Blog Posts: December 2012
If your holiday wishes include spreading awareness about global needs--and, by extension, making a big-picture difference in the world--consider the following gifts.
1. For even the youngest children, see Barbara Kerley's books, which feature her vibrant photographs of parents and children around the world. Thanks to A Little Peace, my toddler knows that all it takes to make a difference is, as she says, "uhn hand!" We also own You and Me Together, which has prompted discussions about everything from the brass neck rings of a Padaung mother and daughter in Thailand to the colored powder decorating a mother and child celebrating India's Holi festival.
3. If you'd like to make a monetary donation in your child's name, consider the International Rescue Committee, which provides support for refugees in humanitarian crises, and Heifer International, which allows donors to select from among 30 different animals to donate as a form of sustainable agriculture to families in need around the world. To make a Heifer gift more tangible for a child--and to increase the likelihood that he or she will remember and think about this type of giving--attach a matching stuffed animal (or a small animal figurine) to a note in which you explain the donation.
4. Several photojournalists have used their art to document the differences between and within borders. Peter Menzel photographed families posed in front of their homes with all their worldly possessions, a project you can see in Material World. He's also put together a similar book focusing solely on women's issues and three others depicting what families and individuals eat. (What the World Eats is intended for kids. Menzel's other books are intended for adults, so you may want to pre-screen them to determine whether you think their content is suitable for your children. Though fascinating, Material World contains sad background information about some of the families, and the extreme inequity between families could be too troubling for some readers.)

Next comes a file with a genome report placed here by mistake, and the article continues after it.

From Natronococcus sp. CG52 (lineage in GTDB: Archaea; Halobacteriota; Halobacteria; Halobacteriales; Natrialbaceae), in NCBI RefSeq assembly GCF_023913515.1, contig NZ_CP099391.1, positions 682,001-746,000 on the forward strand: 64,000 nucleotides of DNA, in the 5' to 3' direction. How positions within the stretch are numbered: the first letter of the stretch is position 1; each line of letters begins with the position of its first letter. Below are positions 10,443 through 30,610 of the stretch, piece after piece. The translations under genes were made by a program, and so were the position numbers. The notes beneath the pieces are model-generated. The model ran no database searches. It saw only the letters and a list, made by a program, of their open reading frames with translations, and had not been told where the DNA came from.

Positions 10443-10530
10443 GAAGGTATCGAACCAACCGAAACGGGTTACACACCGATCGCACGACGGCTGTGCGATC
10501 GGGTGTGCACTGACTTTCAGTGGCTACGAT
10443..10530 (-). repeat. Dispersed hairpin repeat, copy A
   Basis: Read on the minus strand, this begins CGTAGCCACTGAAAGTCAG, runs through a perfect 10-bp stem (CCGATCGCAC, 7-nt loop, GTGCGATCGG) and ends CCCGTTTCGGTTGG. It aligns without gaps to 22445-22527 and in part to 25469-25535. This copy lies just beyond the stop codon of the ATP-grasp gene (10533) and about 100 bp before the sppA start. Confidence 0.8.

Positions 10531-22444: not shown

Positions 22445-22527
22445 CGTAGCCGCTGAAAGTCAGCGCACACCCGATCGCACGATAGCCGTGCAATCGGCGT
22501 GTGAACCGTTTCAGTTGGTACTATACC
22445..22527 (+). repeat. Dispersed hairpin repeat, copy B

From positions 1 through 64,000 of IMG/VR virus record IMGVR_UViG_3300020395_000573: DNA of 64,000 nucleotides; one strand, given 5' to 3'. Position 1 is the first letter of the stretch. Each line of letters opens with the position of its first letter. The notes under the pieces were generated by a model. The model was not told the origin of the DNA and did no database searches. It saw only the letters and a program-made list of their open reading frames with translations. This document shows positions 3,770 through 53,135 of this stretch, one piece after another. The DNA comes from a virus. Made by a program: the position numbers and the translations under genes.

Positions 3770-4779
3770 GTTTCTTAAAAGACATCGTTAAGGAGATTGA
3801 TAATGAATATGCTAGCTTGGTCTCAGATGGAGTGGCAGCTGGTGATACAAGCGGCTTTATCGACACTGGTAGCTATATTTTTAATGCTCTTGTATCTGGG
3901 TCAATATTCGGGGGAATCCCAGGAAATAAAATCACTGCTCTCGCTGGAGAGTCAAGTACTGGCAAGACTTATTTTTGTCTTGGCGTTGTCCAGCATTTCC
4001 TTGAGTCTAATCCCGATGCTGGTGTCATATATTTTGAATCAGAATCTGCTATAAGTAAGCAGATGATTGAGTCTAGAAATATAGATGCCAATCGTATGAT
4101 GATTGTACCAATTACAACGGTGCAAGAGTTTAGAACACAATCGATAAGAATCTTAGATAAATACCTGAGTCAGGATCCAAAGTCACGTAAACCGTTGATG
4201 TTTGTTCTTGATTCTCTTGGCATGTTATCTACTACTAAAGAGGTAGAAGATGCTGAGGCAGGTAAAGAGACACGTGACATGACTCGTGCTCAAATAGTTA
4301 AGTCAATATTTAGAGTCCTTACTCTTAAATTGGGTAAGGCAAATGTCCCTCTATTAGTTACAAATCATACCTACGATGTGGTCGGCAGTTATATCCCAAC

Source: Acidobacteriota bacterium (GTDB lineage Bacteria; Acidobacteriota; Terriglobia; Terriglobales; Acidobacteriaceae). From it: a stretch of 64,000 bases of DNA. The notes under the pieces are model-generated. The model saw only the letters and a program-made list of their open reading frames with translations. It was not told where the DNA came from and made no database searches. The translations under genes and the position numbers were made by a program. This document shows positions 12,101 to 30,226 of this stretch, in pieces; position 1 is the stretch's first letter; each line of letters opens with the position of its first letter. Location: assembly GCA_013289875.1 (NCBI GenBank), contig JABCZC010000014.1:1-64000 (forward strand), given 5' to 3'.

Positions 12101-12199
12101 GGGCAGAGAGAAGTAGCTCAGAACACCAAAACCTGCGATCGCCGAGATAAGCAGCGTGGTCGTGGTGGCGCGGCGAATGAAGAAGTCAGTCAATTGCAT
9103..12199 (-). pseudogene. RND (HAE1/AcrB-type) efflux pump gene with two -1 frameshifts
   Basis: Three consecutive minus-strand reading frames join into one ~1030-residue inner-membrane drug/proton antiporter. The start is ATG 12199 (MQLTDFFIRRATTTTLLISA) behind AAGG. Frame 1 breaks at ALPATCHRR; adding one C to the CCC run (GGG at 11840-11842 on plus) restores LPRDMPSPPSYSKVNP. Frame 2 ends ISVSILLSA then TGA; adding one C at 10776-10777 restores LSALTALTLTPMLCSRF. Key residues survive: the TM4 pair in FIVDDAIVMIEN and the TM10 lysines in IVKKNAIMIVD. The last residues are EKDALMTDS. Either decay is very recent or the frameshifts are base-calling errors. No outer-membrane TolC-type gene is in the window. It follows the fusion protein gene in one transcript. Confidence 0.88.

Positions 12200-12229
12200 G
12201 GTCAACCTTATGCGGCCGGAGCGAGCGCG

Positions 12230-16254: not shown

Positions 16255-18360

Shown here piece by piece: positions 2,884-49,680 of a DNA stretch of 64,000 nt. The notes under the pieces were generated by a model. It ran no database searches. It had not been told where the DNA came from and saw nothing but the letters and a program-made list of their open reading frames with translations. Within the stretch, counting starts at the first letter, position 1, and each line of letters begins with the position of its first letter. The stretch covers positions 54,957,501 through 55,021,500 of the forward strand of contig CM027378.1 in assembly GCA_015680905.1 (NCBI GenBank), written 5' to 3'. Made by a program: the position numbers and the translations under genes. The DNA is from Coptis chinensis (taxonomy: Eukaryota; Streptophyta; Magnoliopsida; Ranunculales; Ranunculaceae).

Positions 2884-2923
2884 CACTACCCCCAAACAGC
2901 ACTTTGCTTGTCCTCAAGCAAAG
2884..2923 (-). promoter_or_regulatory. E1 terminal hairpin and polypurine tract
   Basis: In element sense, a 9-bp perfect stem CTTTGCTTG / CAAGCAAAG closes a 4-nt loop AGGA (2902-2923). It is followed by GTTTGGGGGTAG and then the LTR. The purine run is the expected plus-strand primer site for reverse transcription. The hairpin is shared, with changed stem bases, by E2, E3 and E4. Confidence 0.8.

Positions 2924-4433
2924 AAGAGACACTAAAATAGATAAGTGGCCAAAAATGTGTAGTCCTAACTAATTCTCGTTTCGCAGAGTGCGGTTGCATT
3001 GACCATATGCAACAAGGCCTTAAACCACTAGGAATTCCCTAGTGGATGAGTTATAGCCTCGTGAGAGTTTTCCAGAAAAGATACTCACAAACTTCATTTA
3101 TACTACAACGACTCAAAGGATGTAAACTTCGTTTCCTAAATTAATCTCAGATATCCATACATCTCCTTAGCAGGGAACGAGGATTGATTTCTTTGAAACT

Another book along these lines is Where the Children Sleep, which uses James Mollison's photographs and descriptions to document the range of accommodations in which children sleep, from mattresses in fields to luxury bedrooms in the suburbs. (The same warning I issued in the previous paragraph applies for this book. Perhaps best as a gift for an adult or older teen.)
5. Also for adult gift recipients (or mature young adults), try the Half the Sky documentary (2012), an incredible look at the oppression of women worldwide--and the way that select activists are making a difference to females who would otherwise live without literacy, shelter, safety, or respect. I have not read the Half the Sky book on which the documentary was based, but I've heard it's also outstanding. Read Full Post.